Conservatives oppose compulsory sex education aged four

22-Oct-2013 @ 14:0

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Anthea McIntyre Anthea McIntyre

Anthea McIntyre Anthea McIntyre

Conservative MEPs today headed off extreme proposals on"sexual and reproductive health and rights" which would see sexeducation become compulsory across Europe for children as young as four.

A report by Portuguese Socialist Edite Estrela seeks toenforce a set of rules across the whole European Union relating tocontroversial issues such as abortion, contraception and gay rights.

Clause 43 of the 30-page report "calls on the memberstates to make sex education classes compulsory for all primary and secondaryschool children".

However, as it was about to be voted upon at a plenarysitting of the European Parliament in Strasbourg, Conservative MEPssuccessfully intervened to have the decision halted and the whole packagereferred back to the Gender Equality Committee. The Conservative suggestion wasapproved by 351 MEPs with 319 against.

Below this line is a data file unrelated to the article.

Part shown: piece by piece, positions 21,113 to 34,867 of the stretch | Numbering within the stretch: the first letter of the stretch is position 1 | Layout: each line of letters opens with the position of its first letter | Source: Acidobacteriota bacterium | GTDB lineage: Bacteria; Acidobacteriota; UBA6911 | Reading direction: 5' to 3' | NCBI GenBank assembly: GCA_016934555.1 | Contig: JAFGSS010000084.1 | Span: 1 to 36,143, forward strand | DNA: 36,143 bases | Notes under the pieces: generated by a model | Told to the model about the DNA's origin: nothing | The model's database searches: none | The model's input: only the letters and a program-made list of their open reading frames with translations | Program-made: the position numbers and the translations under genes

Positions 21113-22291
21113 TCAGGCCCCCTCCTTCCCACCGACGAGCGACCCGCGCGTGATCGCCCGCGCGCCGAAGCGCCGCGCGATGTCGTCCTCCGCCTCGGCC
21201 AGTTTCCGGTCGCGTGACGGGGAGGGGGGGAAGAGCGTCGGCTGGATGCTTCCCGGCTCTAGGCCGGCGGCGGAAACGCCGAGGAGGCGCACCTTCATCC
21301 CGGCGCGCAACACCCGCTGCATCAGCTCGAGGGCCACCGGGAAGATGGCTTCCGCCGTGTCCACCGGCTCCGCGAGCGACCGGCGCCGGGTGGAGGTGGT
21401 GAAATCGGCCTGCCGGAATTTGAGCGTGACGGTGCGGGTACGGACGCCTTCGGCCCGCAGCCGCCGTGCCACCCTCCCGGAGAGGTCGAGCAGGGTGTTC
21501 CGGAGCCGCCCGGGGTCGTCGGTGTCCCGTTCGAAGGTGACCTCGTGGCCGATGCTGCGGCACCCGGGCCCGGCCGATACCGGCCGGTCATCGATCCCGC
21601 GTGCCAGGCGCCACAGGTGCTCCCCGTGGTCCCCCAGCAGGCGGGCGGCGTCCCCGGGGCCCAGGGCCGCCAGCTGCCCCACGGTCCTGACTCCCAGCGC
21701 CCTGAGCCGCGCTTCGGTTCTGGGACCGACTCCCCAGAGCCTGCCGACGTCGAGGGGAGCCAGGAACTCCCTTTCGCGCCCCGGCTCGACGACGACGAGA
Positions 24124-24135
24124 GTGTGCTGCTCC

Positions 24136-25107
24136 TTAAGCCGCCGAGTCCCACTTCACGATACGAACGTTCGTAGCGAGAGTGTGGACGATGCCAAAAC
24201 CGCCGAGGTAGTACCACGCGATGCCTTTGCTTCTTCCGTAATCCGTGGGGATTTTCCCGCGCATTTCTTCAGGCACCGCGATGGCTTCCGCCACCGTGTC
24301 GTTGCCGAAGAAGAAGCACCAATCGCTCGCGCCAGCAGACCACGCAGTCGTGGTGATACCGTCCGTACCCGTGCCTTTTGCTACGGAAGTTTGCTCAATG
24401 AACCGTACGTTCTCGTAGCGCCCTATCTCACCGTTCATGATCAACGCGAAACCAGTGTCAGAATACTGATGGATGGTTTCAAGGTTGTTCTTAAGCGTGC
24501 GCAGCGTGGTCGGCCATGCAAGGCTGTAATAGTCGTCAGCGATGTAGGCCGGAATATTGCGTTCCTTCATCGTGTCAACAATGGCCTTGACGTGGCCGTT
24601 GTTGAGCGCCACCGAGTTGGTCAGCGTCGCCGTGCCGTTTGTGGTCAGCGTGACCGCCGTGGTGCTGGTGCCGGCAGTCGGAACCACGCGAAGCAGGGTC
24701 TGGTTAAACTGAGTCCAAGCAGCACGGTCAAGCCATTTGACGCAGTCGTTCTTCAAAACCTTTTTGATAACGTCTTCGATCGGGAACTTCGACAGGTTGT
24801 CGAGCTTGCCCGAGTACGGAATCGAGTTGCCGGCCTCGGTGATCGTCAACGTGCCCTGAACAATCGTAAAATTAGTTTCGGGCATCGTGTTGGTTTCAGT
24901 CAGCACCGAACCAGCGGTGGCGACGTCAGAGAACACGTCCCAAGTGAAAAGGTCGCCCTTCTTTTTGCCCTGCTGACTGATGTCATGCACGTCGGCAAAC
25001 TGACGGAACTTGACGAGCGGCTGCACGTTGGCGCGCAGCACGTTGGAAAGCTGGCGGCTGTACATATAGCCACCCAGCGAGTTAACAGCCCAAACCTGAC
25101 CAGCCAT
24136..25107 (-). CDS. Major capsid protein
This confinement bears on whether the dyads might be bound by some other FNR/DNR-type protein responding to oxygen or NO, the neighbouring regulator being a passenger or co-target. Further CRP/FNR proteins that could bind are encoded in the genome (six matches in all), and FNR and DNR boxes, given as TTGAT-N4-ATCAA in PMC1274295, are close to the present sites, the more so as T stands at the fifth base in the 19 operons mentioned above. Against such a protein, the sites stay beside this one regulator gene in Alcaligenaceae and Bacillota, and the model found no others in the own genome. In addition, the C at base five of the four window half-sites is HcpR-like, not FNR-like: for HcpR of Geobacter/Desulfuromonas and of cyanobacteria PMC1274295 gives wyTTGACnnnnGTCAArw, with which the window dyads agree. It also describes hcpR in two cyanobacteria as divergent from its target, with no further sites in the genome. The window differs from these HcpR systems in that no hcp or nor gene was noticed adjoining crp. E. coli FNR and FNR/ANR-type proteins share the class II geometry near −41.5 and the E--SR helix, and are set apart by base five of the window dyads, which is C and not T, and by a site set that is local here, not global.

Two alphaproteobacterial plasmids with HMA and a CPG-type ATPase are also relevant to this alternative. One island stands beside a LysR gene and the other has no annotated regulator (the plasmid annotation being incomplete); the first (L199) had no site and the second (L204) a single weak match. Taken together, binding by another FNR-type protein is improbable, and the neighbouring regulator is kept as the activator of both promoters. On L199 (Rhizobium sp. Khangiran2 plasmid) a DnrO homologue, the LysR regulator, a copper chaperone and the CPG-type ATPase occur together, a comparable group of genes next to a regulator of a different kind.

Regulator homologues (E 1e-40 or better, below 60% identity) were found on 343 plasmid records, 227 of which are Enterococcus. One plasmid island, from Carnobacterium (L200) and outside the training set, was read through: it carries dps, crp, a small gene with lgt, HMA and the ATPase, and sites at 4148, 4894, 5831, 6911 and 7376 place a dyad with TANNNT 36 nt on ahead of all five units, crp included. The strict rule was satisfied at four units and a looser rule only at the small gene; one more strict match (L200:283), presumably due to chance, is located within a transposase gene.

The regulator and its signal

Marina Yannakoudakis, Conservative spokesman on GenderEquality, said: "While there were many good suggestions in thereport to do with women's rights and equal treatment of gay, lesbian andtrans-gender people, we firmly believe that these are issues which should bedealt with by member states and not imposed by Brussels and Strasbourg.

"Most definitely we are not in the business ofapproving a set of rules making sex education compulsory for infants as soon asthey leave nursery. That is a matter for member states - and most importantlyfor parents - to decide."

"Sadly some colleagues, including British LabourMEPs, approve such wholesale interference. We, however, will continue to opposesuch attempts to dictate to the public on key issues of conscience and ethics.

"I believe very strongly that women should be ableto decide their own contraceptive arrangements. I believe there arecircumstances where abortion should be available as an option for women.

"But I also believe the EU needs to back off fromimposing its diktat on all corners of life.

"National governments must control their own healthpolicies; local authorities, school and parents must decide how and in what waychildren learn about relationships, sexuality and sex; and crucially nationalgovernments must be responsible for how they spend taxpayers' money onservices."

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